Published on : Tuesday, September 4, 2018
The first season of the pioneering documentary series, which was released in July, charts host David Farrier’s excursions to grim locations, from a forbidden ghost city on Cyprus to the Milwaukee sites where serial killer Jeffrey Dahmer murdered his victims.
But the series has landed in hot water due to its second episode that was filmed in Japan.
There, government officials are thinking of taking action against Netflix over footage from inside Fukushima, which was devastated by an earthquake and tsunami in March 2011.
In the episode, Farrier, a New Zealand journalist, takes a bus tour with other foreign sightseers into areas which were impacted by the disastrous nuclear meltdown at the Fukushima Daiichi plant.
Now, officials from the Fukushima Prefectural Government said that they are investigating the Dark Tourist episode, thinking that it would “fuel unreasonable fears related to the March 2011 disaster at Tokyo’s Electric’s tsunami-stricken Fukushima No. 1 nuclear plant”.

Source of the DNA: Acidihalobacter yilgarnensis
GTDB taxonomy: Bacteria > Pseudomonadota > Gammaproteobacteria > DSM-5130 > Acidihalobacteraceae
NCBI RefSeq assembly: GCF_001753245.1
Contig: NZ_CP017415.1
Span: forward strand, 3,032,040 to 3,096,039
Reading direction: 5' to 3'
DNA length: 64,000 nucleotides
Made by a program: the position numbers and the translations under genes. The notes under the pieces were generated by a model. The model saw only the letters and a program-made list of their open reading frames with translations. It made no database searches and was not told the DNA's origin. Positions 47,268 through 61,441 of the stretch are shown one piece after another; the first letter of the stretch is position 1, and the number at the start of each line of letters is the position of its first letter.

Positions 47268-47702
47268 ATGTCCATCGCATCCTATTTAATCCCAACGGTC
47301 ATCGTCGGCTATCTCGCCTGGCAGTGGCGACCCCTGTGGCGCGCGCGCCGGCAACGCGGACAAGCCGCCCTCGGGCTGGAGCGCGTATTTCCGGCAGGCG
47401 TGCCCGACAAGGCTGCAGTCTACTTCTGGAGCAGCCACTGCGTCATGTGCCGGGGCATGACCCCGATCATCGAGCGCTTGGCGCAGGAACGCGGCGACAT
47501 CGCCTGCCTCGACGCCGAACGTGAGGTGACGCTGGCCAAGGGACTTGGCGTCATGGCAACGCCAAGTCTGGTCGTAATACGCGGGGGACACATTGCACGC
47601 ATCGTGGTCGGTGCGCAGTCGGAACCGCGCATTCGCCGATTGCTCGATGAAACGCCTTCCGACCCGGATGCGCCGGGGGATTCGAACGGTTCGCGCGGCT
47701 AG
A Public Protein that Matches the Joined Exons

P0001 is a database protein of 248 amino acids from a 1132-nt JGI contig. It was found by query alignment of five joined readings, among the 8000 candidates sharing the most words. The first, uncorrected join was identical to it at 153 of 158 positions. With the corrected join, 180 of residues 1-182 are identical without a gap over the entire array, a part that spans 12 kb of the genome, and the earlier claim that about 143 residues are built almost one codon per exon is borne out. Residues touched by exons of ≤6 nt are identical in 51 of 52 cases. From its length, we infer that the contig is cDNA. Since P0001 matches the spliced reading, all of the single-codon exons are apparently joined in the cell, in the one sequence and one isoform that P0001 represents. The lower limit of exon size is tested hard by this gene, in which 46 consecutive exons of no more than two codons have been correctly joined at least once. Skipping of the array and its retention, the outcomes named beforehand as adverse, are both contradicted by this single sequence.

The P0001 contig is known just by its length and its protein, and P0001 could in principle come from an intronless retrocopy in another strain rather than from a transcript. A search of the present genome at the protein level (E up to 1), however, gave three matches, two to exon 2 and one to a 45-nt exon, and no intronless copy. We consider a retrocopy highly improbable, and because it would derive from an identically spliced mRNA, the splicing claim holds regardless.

Hundreds of thousands of people fled for their lives when a tsunami swept through Fukushima and set off three nuclear meltdowns at the Daiichi power plant, exposing the region to radioactive material.
Although the Japanese government has deemed some of the affected areas to be safe, still many remain abandoned. Other areas are still designated as off limits.
But Fukushima’s perceived nuclear danger and its eerie setting have made it one of the world’s most popular drawcards for “dark tourists” — travellers who seek out locations with disturbing histories and associations with death and tragedy.
So-called nuclear tourism attracted around 94,000 overseas visitors to Fukushima in 2017.